200. Telegram From the Embassy in Turkey to the Department of State1

1964. Subject: Greek-Turkish Dispute over Aegean. Refs: a) Athens2 b) [document number not declassified].3

Begin summary: Following are our views of the Turkish attitudes in the Greek-Turkish dispute over the Aegean. Although it is challenging the Greek position, Turkey’s official position is ostensibly conciliatory; the Turks say they want a bilateral agreement to delineate the continental shelf (probably on principle of equidistance), thus disposing of related issues. At present it appears doubtful that active Turkish or Turk-contracted oil exploration or drilling activities will take place in the disputed areas in the near future, but other steps cannot be ruled out. An always present danger is that Turkish emotions could be ignited by irresponsible press play of the dispute, as well as by Greek sabre-rattling. End summary.

By septel4 we are reporting results our latest discussions with Turk officials in the dispute between Greece and Turkey over the Aegean continental shelf demarcation issue as well as the oil exploration problem. Our info indicates that the Aegean issues have high level military and civilian attention, including that of Pres Koruturk himself, a former fleet commander.
An authoritative MFA official (Soylemez, head of International Organizations Dept) indicated to us that the Turks were well aware of what he described as longstanding Greek aspirations to extend their territorial sea limits to twelve miles; however, according to this official, the Turks at present doubt that the Greeks would take such action in near future.
The official Turkish posture, as disclosed to us by this MFA official, is that a bilateral agreement between the two govts should be negotiated ASAP on the division of the continental shelf, which would thus also dispose of the oil exploration issue. Turks would prefer a division taking into account so-called special circumstances (proximity [Page 661] of Greek islands to Turk mainland) but would fall back to principle of equidistance (or median line).
Turk MFA official also claimed the Turkish position was one of moderation. Turks were prepared to compromise and did not object in principle to sharing resources of whole of Aegean. No polemical comments have yet been uttered to us directly, although General Sancar came close (Ankara 1472).5 Still, there is no denying the fact that the Turkish action in opening up disputed areas to oil exploration was in effect a challenge to the Greek position.
A high official of the Turkish Ministry of Energy and Natural Resources has also confirmed to us that at present the GOT is not physically involved in any type of exploratory activity in the disputed areas nor is any Turkish-contracted firm engaged in such activity. It is a fact, however, regularly repeated to us, that the Turks want to interest American and foreign companies in exploration activities.
In a TV interview on March 13, FonMin Gunes took a fairly even-handed approach to problem but insisted there must not be a Greek wall stopping Turk access to the Aegean. He said Turkey claimed the continental shelf up to a depth of two hundred meters, in accord with the latest concepts in international law.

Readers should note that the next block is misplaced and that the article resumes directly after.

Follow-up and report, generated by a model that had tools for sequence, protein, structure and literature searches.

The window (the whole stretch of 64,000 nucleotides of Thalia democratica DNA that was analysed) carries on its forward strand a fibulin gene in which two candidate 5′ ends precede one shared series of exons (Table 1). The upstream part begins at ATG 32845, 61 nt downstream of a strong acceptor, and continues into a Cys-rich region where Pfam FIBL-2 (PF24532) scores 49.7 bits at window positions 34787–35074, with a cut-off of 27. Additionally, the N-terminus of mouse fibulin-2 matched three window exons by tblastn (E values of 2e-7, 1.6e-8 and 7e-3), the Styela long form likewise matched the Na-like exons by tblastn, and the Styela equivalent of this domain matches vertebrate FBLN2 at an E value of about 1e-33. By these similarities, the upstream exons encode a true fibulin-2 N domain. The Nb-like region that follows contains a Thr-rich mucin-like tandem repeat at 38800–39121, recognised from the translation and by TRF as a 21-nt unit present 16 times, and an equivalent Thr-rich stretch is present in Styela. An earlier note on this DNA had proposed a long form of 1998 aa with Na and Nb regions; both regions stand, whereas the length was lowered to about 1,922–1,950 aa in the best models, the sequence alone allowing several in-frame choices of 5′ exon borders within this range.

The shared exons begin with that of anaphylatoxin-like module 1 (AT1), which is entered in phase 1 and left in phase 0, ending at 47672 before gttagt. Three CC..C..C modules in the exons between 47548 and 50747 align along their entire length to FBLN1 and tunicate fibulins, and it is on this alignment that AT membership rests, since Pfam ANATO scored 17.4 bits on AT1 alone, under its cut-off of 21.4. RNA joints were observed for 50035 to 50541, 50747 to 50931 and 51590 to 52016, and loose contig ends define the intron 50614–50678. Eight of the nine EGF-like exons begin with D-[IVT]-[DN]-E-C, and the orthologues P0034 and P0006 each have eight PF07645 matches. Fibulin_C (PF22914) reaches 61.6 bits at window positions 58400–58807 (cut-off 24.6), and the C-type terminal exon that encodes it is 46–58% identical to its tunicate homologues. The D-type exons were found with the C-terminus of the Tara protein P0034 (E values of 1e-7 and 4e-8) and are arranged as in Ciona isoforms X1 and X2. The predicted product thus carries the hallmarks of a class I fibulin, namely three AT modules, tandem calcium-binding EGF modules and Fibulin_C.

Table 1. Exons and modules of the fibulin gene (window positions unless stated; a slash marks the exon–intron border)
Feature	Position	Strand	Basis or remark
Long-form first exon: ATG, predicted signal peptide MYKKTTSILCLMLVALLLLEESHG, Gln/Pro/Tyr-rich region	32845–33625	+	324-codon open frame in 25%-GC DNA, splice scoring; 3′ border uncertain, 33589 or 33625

Our view is that the ostensibly moderate position of the GOT at present could easily change, depending on Greek moves and on the actions of the frequently irresponsible Turkish press. Among other factors contributing to historic Turkish suspicions and dislike of Greece is the fear that the Greeks want to make of the Aegean a Greek lake, to further the old “megali” idea.6 In addition, many Turks who in other respects accept most of Ataturk’s dictums still believe that Turkey got a raw deal in allowing Greece to obtain unimpeded sovereignty over a chain of islands nestling against the Turkish mainland. It also must be taken into account that although this govt, like all recent govts, appears committed to achieving a good relationship with Greece, it is probably the most nationalistic in spirit of any Turkish Govt since 1965.
Our interim judgment is that we are not likely to see in the near future some oil exploration or drilling activity in the disputed areas. The Turks first will want to determine whether the Greeks are willing to negotiate a bilateral agreement. (One Turk newspaper on March 14, citing news agency sources in Athens, claimed that Athens was prepared to negotiate a bilateral agreement.) If progress is not made, however, we would not be surprised to see the Turks step up the nature of their challenge to the Greek position by, for example, flying special military [Page 662] air sorties over the Aegean, as they did in the days leading up to the 1967 Cyprus crisis. (Department may want to review the records as regards that period, since the Emb files are no longer available.)
In our opinion, Turkish attitude so far does not warrant a formal démarche counseling moderation, although I am prepared to do so if our monitoring of the issue suggests that Turk tempers are rising.
  1. Source: National Archives, Nixon Presidential Materials, NSC Files, Box 634, Country Files, Middle East, Turkey, Vol. IV. Secret; Exdis. Repeated to Athens.
  2. Dated March 13. (Ibid., Box 594, Country Files, Middle East, Greece, Vol. IV)
  3. Not found.
  4. Telegram 1974 from Ankara, March 18, reiterated the Turkish belief that a bilateral agreement regarding the division of the continental shelf and related issues should and could be negotiated as soon as possible. (National Archives, RG 59, Central Foreign Policy Files, 1974)
  5. Dated February 27. (Ibid.)
  6. A concept in Greek political thought for uniting with Greece proper all territories in which a large number of Greeks lived.